The first indication that we have for Nettle and testosterone comes from Germany, and it’s many years old. It’s become the basis for nearly all Nettle-testosterone research since. In their findings, they found that the active components left in Nettle after distilling into a liquid base were powerful aromatase inhibitors.

This research led to two decades of data verification, and in 2012, the European Medicines Agency officially added aromatase inhibition to the data sheet for Nettle Leaf and Root. And just in the last year this has been put to laboratory tests, where breeding quails have seen greater fertility outcomes using the aromatase inhibition of Nettle.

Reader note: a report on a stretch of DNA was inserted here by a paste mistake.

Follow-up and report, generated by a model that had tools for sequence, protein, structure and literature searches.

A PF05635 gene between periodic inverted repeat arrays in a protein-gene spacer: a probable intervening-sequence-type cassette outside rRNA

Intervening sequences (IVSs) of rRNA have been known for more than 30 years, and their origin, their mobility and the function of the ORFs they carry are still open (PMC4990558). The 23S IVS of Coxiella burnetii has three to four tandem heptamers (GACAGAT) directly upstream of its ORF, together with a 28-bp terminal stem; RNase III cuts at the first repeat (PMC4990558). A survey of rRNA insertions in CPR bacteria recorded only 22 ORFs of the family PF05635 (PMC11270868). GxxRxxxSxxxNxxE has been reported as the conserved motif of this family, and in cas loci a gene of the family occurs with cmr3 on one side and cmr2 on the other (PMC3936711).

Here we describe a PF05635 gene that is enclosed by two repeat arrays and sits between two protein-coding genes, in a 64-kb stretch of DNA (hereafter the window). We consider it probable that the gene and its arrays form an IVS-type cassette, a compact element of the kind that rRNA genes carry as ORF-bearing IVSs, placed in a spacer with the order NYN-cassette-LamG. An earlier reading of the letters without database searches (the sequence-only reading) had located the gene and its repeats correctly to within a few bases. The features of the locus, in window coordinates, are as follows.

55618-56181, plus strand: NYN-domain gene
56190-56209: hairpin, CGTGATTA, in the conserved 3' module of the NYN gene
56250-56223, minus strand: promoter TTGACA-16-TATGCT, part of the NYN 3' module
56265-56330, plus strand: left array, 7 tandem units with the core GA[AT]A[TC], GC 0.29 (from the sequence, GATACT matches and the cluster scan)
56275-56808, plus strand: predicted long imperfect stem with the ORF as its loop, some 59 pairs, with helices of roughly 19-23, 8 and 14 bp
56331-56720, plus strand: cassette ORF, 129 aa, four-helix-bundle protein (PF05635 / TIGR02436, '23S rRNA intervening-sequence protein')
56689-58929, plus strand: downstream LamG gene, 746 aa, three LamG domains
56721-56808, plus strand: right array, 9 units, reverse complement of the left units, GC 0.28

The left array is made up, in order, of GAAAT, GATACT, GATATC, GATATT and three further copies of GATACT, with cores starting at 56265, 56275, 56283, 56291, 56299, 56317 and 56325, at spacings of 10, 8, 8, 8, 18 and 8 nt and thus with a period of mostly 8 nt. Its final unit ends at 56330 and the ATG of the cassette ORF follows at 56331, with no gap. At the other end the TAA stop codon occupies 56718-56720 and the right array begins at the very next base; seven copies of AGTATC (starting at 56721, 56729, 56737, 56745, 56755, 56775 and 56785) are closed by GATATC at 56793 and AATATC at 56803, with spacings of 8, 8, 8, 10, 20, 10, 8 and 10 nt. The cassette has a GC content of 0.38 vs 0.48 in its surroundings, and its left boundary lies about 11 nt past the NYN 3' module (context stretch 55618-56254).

Nettle and SHBG

Much later, the effects of Nettle on SHBG were studied, as it was shown that Nettle improved enlarged prostate issues, but had no change on testosterone. Researchers hypothesized that it might be because there was a relationship between SHBG and Nettle–and in fact there is. And just like with aromatase, it is the water-solution of Nettle that has the best effect on SHBG. And what was the effect? It prevented testosterone from binding to red blood cells–meaning that there’s more “free” testosterone in the body.

These findings have very recently been proven in the lab, with molecular analysis showing that a compound within Nettle (divanillyltetrahydrofuran, or DVT) actively separates testosterone from SHBG.